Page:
If there are insufficient platelets or if they are not functioning normally in any of the three main ways, a stable clot may not form and a person may be at an increased risk of excessive bleeding. The number of platelets in blood can be determined with a platelet count and can help diagnose disorders having to do with too many or too few platelets. However, the overall ability of platelets to function properly in the body is more difficult to measure.
Platelet function tests are a group of assays that use specialized equipment to measure the ability of platelets to aggregate and promote clotting in a sample of blood. There are a variety of tests available but no one test that identifies all problems with platelet function. Also, there is no widespread agreement on which test(s) is best for each circumstance.
In addition to evaluating people for excessive bleeding, platelet function tests may be used in other situations. There are situations in which it is desirable to decrease the ability of platelets to aggregate, as in for people who are at an increased risk of developing a dangerous blood clot or at increased risk for heart attacks. These people may be prescribed medications that reduce platelet activation or reduce their ability to aggregate. People on these types of anti-platelet medications, such as low-dose aspirin or clopidogrel, may have platelet function tests done as a way of monitoring their treatment. However, there is currently no consensus among medical experts on the usefulness of platelet function tests in anti-platelet therapy.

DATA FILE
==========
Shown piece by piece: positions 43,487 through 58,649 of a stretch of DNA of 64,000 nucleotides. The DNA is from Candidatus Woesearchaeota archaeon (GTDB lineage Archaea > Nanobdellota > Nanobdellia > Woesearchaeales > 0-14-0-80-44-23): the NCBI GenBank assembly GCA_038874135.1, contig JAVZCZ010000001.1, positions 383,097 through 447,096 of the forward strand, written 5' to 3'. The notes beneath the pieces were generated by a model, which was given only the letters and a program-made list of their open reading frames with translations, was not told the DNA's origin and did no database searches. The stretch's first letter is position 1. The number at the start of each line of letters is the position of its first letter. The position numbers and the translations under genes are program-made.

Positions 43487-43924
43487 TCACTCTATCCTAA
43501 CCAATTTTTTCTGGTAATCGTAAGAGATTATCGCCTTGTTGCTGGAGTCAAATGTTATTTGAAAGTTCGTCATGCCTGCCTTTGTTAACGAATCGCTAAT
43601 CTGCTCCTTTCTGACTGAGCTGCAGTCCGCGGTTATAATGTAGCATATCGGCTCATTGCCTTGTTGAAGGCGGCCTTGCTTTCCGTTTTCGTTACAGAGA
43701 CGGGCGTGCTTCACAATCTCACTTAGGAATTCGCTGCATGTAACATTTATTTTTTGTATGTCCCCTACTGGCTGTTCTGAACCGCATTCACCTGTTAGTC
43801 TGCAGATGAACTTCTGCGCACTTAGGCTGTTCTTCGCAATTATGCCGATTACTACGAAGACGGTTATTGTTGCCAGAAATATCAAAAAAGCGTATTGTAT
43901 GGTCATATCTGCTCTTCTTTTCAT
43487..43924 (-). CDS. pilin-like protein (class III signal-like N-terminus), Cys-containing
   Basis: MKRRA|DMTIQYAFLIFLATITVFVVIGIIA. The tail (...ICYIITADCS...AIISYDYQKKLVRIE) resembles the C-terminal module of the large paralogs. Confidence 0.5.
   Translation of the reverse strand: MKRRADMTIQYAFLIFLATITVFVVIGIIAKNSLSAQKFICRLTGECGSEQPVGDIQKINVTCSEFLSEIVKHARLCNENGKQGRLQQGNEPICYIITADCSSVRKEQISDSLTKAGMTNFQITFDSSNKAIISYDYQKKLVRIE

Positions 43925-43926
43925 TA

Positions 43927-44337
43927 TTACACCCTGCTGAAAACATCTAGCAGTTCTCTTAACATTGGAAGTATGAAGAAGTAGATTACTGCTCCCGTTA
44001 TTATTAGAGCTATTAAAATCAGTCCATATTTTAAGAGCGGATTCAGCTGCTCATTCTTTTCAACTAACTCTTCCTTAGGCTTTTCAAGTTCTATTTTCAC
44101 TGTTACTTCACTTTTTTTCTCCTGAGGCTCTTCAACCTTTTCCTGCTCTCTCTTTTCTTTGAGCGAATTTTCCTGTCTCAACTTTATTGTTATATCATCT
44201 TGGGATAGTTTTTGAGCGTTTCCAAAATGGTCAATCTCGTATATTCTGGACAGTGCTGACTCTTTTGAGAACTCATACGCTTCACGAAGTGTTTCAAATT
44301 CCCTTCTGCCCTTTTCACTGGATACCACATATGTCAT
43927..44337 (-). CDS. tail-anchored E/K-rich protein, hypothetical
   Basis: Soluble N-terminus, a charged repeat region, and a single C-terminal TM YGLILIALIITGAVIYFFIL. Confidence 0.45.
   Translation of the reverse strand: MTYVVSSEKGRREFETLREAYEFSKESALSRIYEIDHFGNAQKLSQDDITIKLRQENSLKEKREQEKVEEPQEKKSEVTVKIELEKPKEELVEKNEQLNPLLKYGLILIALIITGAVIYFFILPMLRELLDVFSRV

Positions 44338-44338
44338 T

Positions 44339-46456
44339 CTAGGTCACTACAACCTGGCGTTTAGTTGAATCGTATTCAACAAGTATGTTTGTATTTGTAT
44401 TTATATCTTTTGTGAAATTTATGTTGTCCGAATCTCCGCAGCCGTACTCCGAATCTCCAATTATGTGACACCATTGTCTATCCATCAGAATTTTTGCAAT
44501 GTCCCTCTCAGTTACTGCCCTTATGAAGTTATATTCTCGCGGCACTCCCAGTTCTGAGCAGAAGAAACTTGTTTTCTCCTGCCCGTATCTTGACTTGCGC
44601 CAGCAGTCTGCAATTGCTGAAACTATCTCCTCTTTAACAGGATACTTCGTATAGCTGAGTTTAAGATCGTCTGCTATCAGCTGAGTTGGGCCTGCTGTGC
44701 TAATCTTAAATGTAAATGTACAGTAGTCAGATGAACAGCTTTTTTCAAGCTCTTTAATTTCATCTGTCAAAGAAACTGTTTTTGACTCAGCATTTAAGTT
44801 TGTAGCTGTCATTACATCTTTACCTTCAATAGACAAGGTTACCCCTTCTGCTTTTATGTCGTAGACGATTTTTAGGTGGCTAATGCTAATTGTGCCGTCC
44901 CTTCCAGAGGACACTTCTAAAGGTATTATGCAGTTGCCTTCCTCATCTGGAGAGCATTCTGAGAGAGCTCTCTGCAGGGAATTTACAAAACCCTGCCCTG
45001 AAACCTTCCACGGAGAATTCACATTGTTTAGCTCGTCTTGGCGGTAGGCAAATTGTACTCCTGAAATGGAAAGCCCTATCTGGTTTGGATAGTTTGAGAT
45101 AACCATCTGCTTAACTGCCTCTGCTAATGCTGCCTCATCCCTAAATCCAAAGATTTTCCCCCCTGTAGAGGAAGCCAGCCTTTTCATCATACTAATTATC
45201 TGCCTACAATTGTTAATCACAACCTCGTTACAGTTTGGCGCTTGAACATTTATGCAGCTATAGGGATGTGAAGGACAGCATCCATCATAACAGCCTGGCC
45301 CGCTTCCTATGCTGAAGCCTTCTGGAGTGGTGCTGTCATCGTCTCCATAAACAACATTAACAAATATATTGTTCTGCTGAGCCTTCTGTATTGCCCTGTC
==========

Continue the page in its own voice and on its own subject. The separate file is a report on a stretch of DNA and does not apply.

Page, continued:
In the past, the primary screen for platelet dysfunction was the bleeding time or the standardized bleeding time. This was the only test that directly measured platelet function within the body. It involves making two small, shallow, standardized cuts on the inner forearm and measuring the amount of time for bleeding to stop. The bleeding time procedure has fallen from favor in recent years. Many hospitals no longer offer it and several national organizations have issued position statements against its routine use. The bleeding time is not sensitive or specific and it does not necessarily reflect the risk or severity of surgical bleeding. It is poorly reproducible, can be affected by aspirin use and by the skill of the person performing the test, and frequently leaves small, thin scars on the forearm.